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How to run PowerShell as an administrator?

Open the PowerShell console on Windows 10 via the search bar, shortcut, or pinned taskbar items. Exe process starts in unprivileged mode. In this mode, you won’t be able to make any changes or perform administrative tasks.

In this article, we go through few easy steps to run a PowerShell console or script as an administrator.

Using windows 10 search bar

  1. click on the start button or press the window key on your keyboard.
  2. Type PowerShell in the search bar
  3. Right click on the windows PowerShell icon
  4. Select Run as administrator.
  5. A UAC window will appear, now you need to confirm the start of the process in the elevated mode.

There is also a separate item for starting PowerShell with elevated permissions in the Win+X menu of windows 10.

  1. Press the Windows+X on your keyboard
  2. Right click the start button
  3. Select Windows PowerShell (admin)

Using taskbar shortcut

If you often run the PowerShell console as an administrator, then you can create a shortcut to start the PowerShell in the elevated mode automatically.

  1. Right click on the PowerShell icon in the start menu. Select pin to taskbar.
  2. Right click on the PowerShell icon in the taskbar, select Windows PowerShell > right click > properties.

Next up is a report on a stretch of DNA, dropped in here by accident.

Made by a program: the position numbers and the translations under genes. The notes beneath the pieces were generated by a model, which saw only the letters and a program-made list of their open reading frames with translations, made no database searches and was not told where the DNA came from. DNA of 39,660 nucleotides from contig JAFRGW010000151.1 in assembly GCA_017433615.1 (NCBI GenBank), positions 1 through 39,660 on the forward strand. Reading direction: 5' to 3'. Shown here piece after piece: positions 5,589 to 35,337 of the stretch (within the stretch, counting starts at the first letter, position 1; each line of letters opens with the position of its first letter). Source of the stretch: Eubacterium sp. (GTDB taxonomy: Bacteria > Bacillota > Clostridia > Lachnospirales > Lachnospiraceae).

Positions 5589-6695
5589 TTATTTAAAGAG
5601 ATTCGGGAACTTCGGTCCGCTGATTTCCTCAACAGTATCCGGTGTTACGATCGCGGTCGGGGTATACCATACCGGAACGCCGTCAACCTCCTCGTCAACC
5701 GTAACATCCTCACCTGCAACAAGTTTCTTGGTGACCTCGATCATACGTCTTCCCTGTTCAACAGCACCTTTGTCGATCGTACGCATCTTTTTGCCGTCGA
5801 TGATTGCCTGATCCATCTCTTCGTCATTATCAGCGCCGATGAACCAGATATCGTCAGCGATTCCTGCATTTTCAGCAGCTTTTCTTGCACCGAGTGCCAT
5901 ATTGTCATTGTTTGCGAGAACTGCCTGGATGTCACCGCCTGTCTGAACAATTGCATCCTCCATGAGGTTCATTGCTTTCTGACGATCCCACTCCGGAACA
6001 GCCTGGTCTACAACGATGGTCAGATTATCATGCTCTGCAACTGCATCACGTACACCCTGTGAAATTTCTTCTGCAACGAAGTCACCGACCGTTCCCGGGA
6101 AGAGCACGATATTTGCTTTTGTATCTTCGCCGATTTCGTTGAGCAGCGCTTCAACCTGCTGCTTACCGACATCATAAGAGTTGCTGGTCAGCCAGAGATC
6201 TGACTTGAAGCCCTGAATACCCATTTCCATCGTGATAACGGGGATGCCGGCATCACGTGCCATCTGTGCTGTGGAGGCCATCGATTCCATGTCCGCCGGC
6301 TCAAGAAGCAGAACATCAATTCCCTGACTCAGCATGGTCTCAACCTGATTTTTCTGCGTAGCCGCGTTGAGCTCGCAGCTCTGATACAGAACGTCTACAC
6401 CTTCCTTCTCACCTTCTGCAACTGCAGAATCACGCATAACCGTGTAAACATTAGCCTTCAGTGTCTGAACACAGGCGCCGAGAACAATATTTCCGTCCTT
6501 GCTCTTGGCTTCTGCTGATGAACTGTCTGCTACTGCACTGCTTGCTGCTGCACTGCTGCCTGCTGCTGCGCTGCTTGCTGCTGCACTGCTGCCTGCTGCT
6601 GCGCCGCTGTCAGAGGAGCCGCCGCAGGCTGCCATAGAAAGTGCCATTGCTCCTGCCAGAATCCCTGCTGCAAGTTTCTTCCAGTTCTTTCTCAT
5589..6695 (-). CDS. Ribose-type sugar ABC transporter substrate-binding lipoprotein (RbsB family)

• Click on Advance button and enable the Run as Administrator option.
  • Click OK twice.

Now PS console will always open in privileged mode. You just have to click on the PowerShell icon in the taskbar.

How to Run a PowerShell Script as an Administrator?

When you run any PowerShell script in an elevated session, it runs as an administrator.

You can run a PowerShell script file as an administrator with the following command:

Start-Process PowerShell -verb run as -ArgumentList “-file C:\PS\Scripts\myPSScript.ps1”

Hint: make sure the PowerShell Executive Policy on your computer is not blocking PowerShell scripts from running.

You can open the console as an administrator by the following command:

PowerShell Start-Process PowerShell -Verb runs

You can execute this command in the cmd.exe command prompt, PowerShell, or by using the Run Feature.

Check if PowerShell id running as Administrator

If your PowerShell.exe console od running with administrator privileges, the window title will say Administrator: Windows PowerShell

In some PowerShell scripts, it is necessary to verify that the script is running with administrator privileges before running any action.

Run the Command:

[Security.Principal.WindowsIdentity]::GetCurrent().Groups -contains ‘S-1-5-32-544’

If the command returned true, then the PowerShell session started with administrator permissions.

In PowerShell v4.0 and newer, you can use a special statement at the begging of your scripts to prevent a PowerShell script from running as a regular (non-administrator) user.

#Requires -RunAsAdministrator

If the script is executed in a non-elevated PowerShell process, you will receive an error message.

The script ‘test_admin_script.ps1’ cannot be run because it contains a “#requires” statement for running as Administrator. The current Windows PowerShell session is not running as Administrator. Start Windows PowerShell by using the Run as Administrator option, and then try running the script again.

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